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Is It Time For WADL in JAX-RS?

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At this years JavaOne there was a session titled 'JavaEE.Next(): Java EE 7, 8, and Beyond' at which the panel, including Oracle, IBM, Red Hat and Caucho, discussed various aspects of Java EE and answered questions from the audience. However, despite the fact that the focus was intended to be on things such as PaaS, mobile and NoSQL, there was a lot of interest on REST and particularly around WADL. Now WADL isn't new, having been around and discussed fairly widely for at least 7 years and as we reported in 2005:

For those who would like to describe their XML over HTTP service, a lot of options have been discussed, from SMEX-D (proposed by Tim Bray) to NSDL, and a host of alternatives. However, most of those proposals were made in 2005 or earlier, and since then none has really seen much adoption.

Marc Hadley (one of the Spec Leads for JSR-311, a Java API for RESTful services) back in 2005 proposed  WADL, the Web Application Description Language.

Since then, a number of people have been building tools to support WADL. Yahoo architect  Mark Nottingham is maintaining a stylesheet to generate documentation from WADL.

As with a few other things around REST, in the past WADL appeared to fracture the community into those who believe it's necessary and those who don't. For instance, back in 2007 Mark Baker had this to say:

[...] all services expose the same interface. This is what provides the majority of its loose coupling, and is the principle differentiator from RPC. 

So if you’re writing (or generating) contract/interface-level code which can’t late-bind to all resources, everywhere, you’re not doing REST (10 kudos to whomever identifies the specific constraint being violated).

Cut the cord already! RPC is dead. You’re not in Kansas anymore.

And those who like it often compare it with WSDL:

Remember about WSDL, where you can simply generate this interfacing code to the web services? That was pretty nifty. That saved a lot of work. Can’t we do the same with RESTful web services? Well, yes, you can. And yes, finally I’m coming to my point. You can do this with WADL. WADL stands for Web Application Description Language. It allows you to describe essentially any HTTP-based API to any web service Including SOAP webservices, if you would feel so inclined. But you can also describe the flickr API, the twitter API and the yahoo API in WADL. And guess what it can do… It can generate client-side proxy code to interface with these Web APIs. Yes, it’s like WSDL, but more general. Generalized to also support REST and basically any kind of (I guess) XML-based web service.

But this can be a double-edged sword as one of the commenters pointed out:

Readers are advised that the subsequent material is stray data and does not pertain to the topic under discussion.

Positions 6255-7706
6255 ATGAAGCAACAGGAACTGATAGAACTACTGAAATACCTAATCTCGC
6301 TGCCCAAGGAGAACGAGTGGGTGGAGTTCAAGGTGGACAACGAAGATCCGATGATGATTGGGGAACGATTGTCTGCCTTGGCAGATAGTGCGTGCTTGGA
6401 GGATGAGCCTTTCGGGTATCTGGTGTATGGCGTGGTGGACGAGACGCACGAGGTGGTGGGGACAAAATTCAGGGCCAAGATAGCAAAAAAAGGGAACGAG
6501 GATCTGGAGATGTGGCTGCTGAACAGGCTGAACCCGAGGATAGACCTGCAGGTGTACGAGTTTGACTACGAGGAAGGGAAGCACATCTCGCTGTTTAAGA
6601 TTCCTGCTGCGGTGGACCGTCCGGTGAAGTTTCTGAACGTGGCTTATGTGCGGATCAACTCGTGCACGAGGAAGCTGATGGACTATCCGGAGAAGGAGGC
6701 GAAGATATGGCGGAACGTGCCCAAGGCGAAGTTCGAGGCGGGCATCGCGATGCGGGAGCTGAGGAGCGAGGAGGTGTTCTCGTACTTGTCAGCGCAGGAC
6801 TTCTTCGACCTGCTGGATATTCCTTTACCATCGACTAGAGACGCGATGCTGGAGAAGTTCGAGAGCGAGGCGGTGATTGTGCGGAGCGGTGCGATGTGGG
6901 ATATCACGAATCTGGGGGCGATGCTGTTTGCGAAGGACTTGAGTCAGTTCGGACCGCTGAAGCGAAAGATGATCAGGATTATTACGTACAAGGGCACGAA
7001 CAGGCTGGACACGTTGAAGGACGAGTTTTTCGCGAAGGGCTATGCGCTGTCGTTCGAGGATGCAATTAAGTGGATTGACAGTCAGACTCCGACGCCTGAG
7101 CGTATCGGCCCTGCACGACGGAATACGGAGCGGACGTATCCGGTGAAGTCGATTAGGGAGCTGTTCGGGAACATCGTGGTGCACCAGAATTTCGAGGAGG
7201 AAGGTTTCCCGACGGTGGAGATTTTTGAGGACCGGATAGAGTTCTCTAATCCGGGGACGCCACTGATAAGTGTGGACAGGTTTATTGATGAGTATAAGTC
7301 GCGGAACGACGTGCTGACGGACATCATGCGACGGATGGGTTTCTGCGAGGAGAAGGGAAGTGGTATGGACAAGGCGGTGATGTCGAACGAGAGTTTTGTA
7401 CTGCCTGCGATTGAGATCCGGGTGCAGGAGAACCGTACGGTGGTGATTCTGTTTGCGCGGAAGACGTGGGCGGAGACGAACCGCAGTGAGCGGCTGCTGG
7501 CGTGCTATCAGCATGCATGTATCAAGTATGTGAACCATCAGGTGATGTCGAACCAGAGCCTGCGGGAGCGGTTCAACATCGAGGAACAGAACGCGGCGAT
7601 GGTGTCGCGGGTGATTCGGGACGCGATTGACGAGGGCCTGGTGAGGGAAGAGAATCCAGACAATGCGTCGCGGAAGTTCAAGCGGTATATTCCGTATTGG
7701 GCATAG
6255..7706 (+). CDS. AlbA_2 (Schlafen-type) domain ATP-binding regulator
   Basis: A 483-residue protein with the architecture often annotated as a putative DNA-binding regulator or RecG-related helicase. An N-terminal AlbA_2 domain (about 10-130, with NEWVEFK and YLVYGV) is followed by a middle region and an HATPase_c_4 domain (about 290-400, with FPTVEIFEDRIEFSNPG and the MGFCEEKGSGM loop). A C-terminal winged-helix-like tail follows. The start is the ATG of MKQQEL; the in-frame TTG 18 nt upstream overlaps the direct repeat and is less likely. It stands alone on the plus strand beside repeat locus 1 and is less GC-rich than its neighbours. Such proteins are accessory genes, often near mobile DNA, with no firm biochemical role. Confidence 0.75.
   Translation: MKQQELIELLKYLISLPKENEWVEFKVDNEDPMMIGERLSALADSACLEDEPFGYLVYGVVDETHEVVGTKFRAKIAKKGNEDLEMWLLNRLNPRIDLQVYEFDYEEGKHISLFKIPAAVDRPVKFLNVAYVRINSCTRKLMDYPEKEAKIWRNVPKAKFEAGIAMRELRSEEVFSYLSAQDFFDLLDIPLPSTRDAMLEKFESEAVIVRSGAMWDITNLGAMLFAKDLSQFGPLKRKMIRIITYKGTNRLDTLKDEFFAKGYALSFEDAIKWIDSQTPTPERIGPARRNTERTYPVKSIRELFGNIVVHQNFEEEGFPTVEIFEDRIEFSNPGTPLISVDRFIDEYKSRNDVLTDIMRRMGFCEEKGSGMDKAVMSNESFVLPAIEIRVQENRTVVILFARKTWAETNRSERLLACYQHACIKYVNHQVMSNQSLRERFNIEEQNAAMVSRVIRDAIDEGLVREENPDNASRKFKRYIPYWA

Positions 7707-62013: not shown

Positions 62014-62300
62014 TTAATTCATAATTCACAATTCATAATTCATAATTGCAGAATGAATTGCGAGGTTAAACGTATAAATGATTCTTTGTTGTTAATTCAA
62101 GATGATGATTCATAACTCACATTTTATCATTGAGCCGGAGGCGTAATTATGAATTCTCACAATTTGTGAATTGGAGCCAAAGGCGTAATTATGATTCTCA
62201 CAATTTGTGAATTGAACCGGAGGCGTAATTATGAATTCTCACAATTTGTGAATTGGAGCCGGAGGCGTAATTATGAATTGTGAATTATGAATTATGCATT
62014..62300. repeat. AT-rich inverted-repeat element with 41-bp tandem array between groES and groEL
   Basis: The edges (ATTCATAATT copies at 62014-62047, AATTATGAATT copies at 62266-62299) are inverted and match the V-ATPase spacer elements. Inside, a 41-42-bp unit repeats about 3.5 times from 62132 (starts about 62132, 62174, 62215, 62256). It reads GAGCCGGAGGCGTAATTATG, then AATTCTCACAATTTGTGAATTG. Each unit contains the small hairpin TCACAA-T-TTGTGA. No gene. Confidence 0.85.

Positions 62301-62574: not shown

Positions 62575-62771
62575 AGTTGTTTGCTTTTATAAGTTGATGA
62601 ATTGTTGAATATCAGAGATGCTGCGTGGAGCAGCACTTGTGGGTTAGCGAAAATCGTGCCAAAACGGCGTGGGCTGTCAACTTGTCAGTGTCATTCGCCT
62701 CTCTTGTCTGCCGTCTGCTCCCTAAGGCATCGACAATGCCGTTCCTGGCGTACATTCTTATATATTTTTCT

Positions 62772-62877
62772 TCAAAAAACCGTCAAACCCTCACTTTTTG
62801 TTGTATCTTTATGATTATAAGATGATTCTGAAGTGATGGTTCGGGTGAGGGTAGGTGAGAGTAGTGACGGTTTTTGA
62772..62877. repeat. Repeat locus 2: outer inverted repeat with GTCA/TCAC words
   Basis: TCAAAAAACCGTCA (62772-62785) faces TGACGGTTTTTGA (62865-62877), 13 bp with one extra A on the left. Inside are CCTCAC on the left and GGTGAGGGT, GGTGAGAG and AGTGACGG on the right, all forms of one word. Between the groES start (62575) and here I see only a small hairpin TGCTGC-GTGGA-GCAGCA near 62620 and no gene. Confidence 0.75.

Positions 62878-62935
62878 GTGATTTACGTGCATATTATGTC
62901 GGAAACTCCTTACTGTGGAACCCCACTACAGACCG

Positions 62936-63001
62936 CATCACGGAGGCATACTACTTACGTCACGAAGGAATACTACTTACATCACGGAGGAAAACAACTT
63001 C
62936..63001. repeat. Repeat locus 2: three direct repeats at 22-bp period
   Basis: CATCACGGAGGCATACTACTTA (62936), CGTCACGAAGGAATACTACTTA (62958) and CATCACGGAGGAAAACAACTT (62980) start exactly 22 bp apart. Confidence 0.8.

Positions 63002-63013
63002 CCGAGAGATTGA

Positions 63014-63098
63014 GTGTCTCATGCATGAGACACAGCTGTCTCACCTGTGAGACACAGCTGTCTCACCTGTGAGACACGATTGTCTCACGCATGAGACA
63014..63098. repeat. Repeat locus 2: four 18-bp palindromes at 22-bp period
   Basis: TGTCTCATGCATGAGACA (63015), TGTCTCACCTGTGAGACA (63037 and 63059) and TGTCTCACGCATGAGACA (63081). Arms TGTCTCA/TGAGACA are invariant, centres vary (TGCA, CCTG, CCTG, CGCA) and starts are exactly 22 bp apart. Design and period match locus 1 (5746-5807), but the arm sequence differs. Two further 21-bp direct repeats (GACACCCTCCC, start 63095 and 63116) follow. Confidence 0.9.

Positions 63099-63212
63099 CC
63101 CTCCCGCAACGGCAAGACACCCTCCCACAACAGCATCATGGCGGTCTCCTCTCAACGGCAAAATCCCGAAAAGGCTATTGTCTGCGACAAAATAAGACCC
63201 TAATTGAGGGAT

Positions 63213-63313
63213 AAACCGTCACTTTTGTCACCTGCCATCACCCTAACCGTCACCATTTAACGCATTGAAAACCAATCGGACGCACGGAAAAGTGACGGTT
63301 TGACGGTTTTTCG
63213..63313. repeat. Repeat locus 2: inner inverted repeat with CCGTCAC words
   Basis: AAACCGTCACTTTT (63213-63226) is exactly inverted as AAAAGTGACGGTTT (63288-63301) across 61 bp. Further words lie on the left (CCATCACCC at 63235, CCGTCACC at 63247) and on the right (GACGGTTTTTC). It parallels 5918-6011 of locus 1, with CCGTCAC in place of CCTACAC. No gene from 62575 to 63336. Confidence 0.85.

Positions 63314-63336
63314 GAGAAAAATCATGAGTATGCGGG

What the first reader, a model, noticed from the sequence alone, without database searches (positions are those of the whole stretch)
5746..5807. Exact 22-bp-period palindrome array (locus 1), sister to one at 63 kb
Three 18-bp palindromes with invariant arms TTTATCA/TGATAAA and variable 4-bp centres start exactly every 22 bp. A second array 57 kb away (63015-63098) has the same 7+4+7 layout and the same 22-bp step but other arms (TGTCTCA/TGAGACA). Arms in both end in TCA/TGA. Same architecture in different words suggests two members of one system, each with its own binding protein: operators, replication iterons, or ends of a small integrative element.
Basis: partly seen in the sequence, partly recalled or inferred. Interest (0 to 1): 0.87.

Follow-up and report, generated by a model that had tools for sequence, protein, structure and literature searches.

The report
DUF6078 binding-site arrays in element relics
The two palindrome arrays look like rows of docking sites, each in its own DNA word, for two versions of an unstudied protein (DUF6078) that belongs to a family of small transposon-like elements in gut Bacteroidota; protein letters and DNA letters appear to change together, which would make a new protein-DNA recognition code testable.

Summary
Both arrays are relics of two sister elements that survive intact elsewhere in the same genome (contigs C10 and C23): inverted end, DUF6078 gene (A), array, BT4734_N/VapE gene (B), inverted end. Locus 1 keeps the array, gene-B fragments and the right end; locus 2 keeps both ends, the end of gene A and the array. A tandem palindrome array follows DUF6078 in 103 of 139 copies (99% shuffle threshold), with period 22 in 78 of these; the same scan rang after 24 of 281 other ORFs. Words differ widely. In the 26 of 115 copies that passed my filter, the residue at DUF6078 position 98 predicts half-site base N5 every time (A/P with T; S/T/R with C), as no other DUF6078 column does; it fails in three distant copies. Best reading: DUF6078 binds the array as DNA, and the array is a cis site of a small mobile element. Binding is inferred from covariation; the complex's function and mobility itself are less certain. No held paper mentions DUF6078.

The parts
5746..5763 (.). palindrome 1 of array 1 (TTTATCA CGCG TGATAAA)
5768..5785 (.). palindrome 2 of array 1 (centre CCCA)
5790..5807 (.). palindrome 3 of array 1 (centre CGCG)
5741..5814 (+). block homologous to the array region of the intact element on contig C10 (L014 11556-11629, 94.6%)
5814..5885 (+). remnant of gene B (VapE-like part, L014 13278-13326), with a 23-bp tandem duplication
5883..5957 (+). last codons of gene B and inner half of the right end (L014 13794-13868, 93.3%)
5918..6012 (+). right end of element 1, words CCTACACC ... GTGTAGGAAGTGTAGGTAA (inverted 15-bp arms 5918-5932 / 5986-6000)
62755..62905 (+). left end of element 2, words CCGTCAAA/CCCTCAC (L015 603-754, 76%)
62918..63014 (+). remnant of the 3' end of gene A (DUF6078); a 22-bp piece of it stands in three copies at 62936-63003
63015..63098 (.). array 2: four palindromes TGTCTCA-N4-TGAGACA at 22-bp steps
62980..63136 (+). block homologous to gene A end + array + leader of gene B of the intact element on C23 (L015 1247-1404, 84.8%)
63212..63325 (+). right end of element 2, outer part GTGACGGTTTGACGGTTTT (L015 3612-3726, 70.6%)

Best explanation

You've made a few fundamental mistakes in this article. You said "What I refer to here is that the format of results and data you send to a
REST webservice is not more precisely defined than “dude, it’s XML!”". Then what may I ask are media types? They are precisely definitions of message formats, associated with information on how to process the data and access new resources based on links present in the representation.

Read up on some of Roy Fielding's work ; )

Oh and by the way, WADL is probably not going to last long, and is actually not very RESTful at all (creates tighter coupling between client and service provider).

For a few years between 2005 and 2008 this debate raged along with many others in the REST arena. In recent times it appears to have died down and a more pragmatic outlook has taken hold, with some groups deciding that despite any perceived issues with WADL (e.g., whether or not it is RESTful) it should be a supported option for developers, and other groups eschewing it completely. For instance, Jersey the JAX-RS reference implementation supports WADL out of the box. But some other JAX-RS implementations, such as RESTeasy, are not so definitive.

Which leads us back to the JavaOne session, where several people in the audience, including the JAX-RS specification lead, were keen to learn whether or not WADL should be a fully supported aspect of a future version of JAX-RS. Whilst the panel were non-committal, referring to the plethora of RESTful services that have been implemented successfully without WADL, many in the audience appeared to be supportive of adding WADL to JAX-RS. Since the emphasis on WADL over the past few years has been relatively low-key, is this specifically a Java and JAX-RS requirement or is WADL on the rise again? And if so, is WADL any better today in terms of RESTful services and applications than it was several years ago or are developers just more pragamtic today than they were back then?

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